How do you calculate the franchise tax for a domestic corporation?

There are two methods for calculating the Delaware annual franchise tax for a domestic corporation: (1) the Authorized Shares Method and (2) the Assumed Par Value Capital Method. The difference is important for a few reasons: First, as eluded to above, if a corporation fails to timely pay its tax and file its annual report, Delaware defaults to calculating the taxes owing using the Authorized Shares Method, which may result in the greater amount of taxes owing. Second, because each method takes into account various aspects of a corporation’s share capitalization, ensuring that the corporation is incorporated with a sufficient number of shares and corresponding par value is vital to ensuring a proper tax calculation. Third, Delaware allows corporations to choose the method that results in the least amount of taxes owing, thus incentivizing corporations to timely pay their taxes.

1. Authorized Shares Method

This method uses the number of authorized shares of a corporation to determine franchise tax liability. The number of authorized shares is included in the corporation’s certificate of incorporation. The calculation is as follows:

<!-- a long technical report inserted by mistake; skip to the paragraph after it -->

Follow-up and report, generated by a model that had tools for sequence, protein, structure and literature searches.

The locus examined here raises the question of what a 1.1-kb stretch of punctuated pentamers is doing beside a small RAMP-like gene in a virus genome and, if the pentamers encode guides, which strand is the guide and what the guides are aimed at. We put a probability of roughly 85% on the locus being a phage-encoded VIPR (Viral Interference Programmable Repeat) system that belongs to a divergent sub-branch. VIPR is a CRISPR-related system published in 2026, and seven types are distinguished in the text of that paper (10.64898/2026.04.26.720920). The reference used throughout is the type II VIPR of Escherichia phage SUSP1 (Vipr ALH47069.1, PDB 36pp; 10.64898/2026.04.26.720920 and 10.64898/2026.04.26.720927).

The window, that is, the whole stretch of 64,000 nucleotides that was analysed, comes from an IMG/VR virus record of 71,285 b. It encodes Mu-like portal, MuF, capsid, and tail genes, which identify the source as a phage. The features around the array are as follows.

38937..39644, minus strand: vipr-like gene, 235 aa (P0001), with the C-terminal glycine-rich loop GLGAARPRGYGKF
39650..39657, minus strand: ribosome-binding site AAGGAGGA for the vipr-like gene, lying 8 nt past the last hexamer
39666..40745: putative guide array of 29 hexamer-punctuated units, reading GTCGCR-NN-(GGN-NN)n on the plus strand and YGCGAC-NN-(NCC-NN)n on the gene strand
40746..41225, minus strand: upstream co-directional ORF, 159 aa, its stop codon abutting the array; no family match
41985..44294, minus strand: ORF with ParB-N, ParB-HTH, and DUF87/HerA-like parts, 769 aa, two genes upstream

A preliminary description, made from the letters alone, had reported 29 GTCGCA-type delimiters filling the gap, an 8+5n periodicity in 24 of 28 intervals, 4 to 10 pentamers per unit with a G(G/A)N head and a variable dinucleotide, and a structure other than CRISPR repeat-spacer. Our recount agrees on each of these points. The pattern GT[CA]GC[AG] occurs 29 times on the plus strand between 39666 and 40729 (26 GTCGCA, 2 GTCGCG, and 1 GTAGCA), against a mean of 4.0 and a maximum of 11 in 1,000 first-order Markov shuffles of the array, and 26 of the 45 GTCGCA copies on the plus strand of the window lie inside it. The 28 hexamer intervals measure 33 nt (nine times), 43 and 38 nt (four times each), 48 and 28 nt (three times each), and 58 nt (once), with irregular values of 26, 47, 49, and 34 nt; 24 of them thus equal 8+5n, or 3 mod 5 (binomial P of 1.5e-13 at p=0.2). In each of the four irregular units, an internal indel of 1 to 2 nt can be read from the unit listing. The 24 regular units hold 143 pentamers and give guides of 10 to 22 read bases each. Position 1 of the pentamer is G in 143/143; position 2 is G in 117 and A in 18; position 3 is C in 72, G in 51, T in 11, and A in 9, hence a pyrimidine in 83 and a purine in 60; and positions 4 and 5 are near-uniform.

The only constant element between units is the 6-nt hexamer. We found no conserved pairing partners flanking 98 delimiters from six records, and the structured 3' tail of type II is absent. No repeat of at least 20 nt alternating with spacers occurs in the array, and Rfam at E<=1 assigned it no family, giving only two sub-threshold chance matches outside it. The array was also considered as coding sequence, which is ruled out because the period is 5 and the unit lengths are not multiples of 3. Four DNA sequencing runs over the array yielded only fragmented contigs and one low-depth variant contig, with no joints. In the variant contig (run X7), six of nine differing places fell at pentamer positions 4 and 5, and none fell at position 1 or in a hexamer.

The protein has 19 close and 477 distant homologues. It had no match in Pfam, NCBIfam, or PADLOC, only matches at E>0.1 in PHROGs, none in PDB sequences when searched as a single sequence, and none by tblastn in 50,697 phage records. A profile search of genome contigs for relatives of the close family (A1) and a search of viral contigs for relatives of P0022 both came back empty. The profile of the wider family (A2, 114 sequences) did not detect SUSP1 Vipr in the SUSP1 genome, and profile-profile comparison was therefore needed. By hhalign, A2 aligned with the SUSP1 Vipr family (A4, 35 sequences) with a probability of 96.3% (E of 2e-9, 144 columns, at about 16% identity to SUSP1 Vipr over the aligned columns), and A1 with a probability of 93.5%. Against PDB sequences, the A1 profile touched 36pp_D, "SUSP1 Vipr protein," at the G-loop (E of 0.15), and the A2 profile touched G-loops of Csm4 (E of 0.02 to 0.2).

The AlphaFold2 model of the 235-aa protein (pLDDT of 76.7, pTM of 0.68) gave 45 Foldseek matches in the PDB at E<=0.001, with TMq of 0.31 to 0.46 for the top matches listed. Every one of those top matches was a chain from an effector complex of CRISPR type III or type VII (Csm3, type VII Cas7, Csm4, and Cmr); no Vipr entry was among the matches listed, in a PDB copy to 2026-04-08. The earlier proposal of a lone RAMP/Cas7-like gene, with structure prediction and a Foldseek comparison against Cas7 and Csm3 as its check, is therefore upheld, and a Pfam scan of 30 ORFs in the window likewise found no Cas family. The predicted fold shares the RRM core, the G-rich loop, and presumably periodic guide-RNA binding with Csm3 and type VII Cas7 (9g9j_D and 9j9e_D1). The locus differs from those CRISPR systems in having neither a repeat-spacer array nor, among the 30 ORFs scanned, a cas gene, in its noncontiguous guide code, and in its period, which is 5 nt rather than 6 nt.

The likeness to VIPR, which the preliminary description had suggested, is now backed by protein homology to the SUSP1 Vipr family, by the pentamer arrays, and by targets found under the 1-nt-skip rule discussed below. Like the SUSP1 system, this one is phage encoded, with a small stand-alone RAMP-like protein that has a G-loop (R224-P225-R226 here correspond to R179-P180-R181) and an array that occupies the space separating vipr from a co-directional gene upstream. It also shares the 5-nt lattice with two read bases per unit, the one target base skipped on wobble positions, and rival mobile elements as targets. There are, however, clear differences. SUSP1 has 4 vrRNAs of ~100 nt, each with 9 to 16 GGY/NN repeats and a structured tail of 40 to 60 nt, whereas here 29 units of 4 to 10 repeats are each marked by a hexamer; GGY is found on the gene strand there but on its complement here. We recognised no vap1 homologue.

• 5,000 shares or less (minimum tax): $175
  • 5,001–10,000 shares: $250
  • Each additional 10,000 shares or portion thereof: add $85

Under this method, the lowest possible franchise tax is $175.

2. Assumed Par Value Capital Method

This method requires the corporation to provide the total number of issued shares and the total gross assets for the corporation’s fiscal year ending the calendar year of the annual report. The total gross assets are the “total assets” reported on U.S. Form 1120, Schedule L, of the corporation’s federal tax return. Under the Assumed Par Value Capital Method, the minimum franchise tax is $400.